Friday, March 10, 2017

Considering a Double Knee Replacement? Here’s What You Need to Know

Orthopedic surgeons perform almost 700,000 knee replacements in the United States each year. The procedure has a high success rate, alleviating pain and restoring an active lifestyle. It’s fairly common for patients to have arthritis in both knees, and they often decide to have both of them replaced. The dilemma many people face is whether to have surgery on both sides at the same time, a procedure referred to as “bilateral knee replacement,” or two separate operations.

I always advise people to carefully weigh the pros and cons of each option. Many people want to have a double knee replacement because they feel they can get it over with faster since there’s one surgery, one hospital stay and one course of rehabilitation. For the right patient, it’s a good option. However, double knee replacement is not for everyone, and people should be well-informed before making a decision.                

Studies show that bilateral knee replacement is a more risky procedure and the complication rate is higher. Rehabilitation is also much more demanding. Candidates must be in excellent physical condition, aside from the arthritis, with no underlying health problems.    

Not too long ago, people thought that if you had one knee replaced, the pain and rehab would be so taxing you wouldn’t want to come back for surgery on the other knee. But nowadays, with advances in surgical techniques, anesthesia and pain management, the recovery for a single knee replacement at a high-volume joint replacement center is much easier and faster than it was in the past. In our experience, virtually every patient comes back for the second knee replacement. Patients generally wait at least three months in between surgeries.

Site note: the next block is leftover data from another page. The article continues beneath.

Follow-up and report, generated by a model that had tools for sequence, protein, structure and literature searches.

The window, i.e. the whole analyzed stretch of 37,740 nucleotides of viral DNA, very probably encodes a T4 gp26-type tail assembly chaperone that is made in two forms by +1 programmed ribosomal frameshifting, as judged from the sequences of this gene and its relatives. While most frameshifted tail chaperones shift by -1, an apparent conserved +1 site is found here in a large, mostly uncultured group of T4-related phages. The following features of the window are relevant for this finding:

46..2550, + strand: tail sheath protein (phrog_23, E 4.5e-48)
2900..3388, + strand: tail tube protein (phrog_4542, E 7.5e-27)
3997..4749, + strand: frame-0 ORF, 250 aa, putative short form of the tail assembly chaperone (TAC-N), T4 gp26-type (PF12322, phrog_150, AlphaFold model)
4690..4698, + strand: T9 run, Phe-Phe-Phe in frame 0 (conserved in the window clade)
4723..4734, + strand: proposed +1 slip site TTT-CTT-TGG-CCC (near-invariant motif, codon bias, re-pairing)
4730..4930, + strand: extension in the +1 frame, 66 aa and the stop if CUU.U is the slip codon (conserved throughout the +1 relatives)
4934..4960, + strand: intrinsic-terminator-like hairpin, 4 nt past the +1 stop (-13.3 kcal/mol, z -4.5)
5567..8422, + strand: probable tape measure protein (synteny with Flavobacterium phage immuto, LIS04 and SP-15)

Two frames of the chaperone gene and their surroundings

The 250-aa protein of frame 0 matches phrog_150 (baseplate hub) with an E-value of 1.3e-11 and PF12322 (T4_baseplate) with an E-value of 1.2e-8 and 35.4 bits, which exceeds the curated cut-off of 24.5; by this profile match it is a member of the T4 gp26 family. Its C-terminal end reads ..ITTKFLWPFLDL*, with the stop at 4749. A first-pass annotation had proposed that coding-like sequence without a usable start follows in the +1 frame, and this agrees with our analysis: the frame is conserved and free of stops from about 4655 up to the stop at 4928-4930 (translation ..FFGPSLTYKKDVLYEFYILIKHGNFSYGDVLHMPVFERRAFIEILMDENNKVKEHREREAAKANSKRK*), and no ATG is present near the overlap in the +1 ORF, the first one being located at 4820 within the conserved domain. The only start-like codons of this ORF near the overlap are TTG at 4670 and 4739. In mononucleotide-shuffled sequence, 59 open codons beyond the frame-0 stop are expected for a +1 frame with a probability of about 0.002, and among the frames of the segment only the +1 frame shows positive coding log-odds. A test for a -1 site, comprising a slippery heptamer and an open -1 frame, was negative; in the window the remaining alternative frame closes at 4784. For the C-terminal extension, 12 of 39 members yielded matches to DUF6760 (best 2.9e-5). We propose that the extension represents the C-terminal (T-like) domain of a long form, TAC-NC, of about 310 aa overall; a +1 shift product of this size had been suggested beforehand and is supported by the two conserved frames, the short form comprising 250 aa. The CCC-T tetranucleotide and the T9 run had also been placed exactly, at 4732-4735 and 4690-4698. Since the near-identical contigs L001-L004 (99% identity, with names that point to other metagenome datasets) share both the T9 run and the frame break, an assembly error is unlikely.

Know What to Expect

Overall, the success rate is high for same-day double knee replacement, but patient selection is important. It should be out of the question for patients of any age with diabetes, heart or lung problems, or any other serious medical condition.

Patients who meet the criteria need to know exactly what to expect so they can make an informed decision about same-day double knee replacement. The recovery and rehabilitation after bilateral knee replacement are much more challenging because greater physical and emotional strain is placed on the body. The rehab is also much more difficult because patients can’t rely on a stable leg for support.

Another consideration is where an individual will receive physical therapy. Bilateral knee replacement patients almost always spend time in a rehabilitation facility after surgery, while those who have a single knee replacement often go straight home from the hospital and receive physical therapy at home.

Whether having two separate knee replacements or both sides replaced simultaneously, the orthopedic surgeon should have a detailed discussion with the patient about what to expect.

Because of the special considerations involved in double knee replacement, it's especially important to choose a highly experienced orthopedic surgeon who specializes in knee replacement. 

Patients should also choose a hospital that performs a high volume of joint replacements, such as Hospital for Special Surgery. The entire staff will be accustomed to dealing with the needs of double knee replacement patients before, during and after the surgery.©